The extent of blockage, called stenosis, is classified according to the percentage of the vessel's cross-section that has been filled by plaque or clots lining or clinging to the vessel's inner walls. For the study, patients were considered to have mild stenosis if less than 50 percent of a major blood vessel's cross-section was blocked, and to have coronary artery disease if they had a 50 percent or greater blockage in at least one major vessel.
The study also looked at the levels of certain enzymes that can be measured in the blood to determine if a heart attack really occurred. Women in the study tended to be older and to have more health problems than the men, but their rate of cardiac enzyme release was about the same.
Despite similar rates of enzyme release, women were more than twice as likely as men to have normal or mild stenosis evident on their angiograms.
"This lack of clear evidence of blockage, even in the presence of elevated enzyme levels and a positive stress test, may be what causes so many doctors to scratch their heads about female patients with chest pain," says Eagle.
Women were also statistically less likely than men to undergo percutaneous intervention (PCI) such as angioplasty, or bypass surgery. This may make sense in light of the fact that they were less likely to have severe obstructive blockages on their angiograms – the kinds of blockages targeted by such therapies. Not surprisingly, women also had a lower rate of previous PCI or bypass than men.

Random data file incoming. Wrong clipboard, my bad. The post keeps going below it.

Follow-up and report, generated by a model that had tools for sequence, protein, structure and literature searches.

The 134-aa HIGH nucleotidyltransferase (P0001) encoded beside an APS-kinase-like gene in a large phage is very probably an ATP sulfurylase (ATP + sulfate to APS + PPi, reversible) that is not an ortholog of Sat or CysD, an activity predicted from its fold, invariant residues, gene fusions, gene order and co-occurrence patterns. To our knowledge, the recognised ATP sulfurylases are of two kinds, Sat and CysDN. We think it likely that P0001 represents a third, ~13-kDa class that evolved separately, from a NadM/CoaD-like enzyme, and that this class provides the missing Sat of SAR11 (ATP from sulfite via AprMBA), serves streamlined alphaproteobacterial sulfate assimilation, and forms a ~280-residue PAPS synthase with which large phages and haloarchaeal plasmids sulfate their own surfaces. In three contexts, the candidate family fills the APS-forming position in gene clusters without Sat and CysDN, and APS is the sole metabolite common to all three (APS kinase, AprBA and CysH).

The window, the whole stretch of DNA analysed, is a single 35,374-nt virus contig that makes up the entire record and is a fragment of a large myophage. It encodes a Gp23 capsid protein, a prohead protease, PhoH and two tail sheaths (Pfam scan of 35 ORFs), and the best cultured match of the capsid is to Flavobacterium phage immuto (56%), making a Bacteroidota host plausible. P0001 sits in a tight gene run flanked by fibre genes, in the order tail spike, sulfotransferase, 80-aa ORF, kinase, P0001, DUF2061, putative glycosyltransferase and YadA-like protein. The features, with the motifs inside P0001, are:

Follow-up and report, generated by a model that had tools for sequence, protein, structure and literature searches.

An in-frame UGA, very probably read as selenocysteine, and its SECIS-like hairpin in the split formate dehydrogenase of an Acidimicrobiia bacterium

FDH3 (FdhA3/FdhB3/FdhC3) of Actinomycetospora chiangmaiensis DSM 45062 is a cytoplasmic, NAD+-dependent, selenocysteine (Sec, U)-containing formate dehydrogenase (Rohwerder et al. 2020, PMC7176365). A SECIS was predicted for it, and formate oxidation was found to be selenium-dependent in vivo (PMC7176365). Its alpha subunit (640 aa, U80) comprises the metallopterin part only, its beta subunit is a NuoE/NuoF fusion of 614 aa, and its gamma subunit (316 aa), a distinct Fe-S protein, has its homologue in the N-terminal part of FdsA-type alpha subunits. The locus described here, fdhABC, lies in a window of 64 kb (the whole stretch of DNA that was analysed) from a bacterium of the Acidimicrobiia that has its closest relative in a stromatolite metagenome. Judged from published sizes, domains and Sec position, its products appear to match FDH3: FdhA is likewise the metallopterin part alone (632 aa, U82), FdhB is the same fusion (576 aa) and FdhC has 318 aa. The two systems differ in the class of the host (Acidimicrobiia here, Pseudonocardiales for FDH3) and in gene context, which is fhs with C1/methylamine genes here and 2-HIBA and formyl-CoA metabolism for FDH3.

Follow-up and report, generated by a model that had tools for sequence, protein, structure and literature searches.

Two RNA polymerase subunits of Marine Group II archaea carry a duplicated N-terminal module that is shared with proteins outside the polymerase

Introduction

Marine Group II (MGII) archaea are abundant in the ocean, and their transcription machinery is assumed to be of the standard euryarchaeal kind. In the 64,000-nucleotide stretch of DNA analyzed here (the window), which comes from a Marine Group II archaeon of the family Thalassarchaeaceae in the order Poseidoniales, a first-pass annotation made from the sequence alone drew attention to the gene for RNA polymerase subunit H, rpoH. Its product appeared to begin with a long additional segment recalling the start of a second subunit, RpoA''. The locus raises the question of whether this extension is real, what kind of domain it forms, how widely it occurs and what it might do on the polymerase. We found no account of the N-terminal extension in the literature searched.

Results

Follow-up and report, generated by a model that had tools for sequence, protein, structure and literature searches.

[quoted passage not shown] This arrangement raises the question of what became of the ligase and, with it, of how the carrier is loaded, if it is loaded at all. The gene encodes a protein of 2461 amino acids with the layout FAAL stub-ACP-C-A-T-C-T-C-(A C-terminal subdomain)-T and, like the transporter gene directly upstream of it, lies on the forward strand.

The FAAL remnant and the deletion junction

Overall, people of both sexes who had normal-looking vessels or mild stenosis were less likely than those with more advanced disease to get either interventional or medical therapy.
But when women and men with the same mild level of stenosis were directly compared, the women were statistically less likely to get in-hospital aspirin. They were also less likely to be prescribed beta-blockers on discharge.
Six months after discharge from the hospital, there was no difference overall between the genders in the number of patients who had experienced one of the following: death, a non-fatal heart attack, a stroke or other cerebrovascular accident, or readmission to the hospital. But women who had had an angioplasty were slightly more likely than men to meet a combined endpoint that included all those outcomes.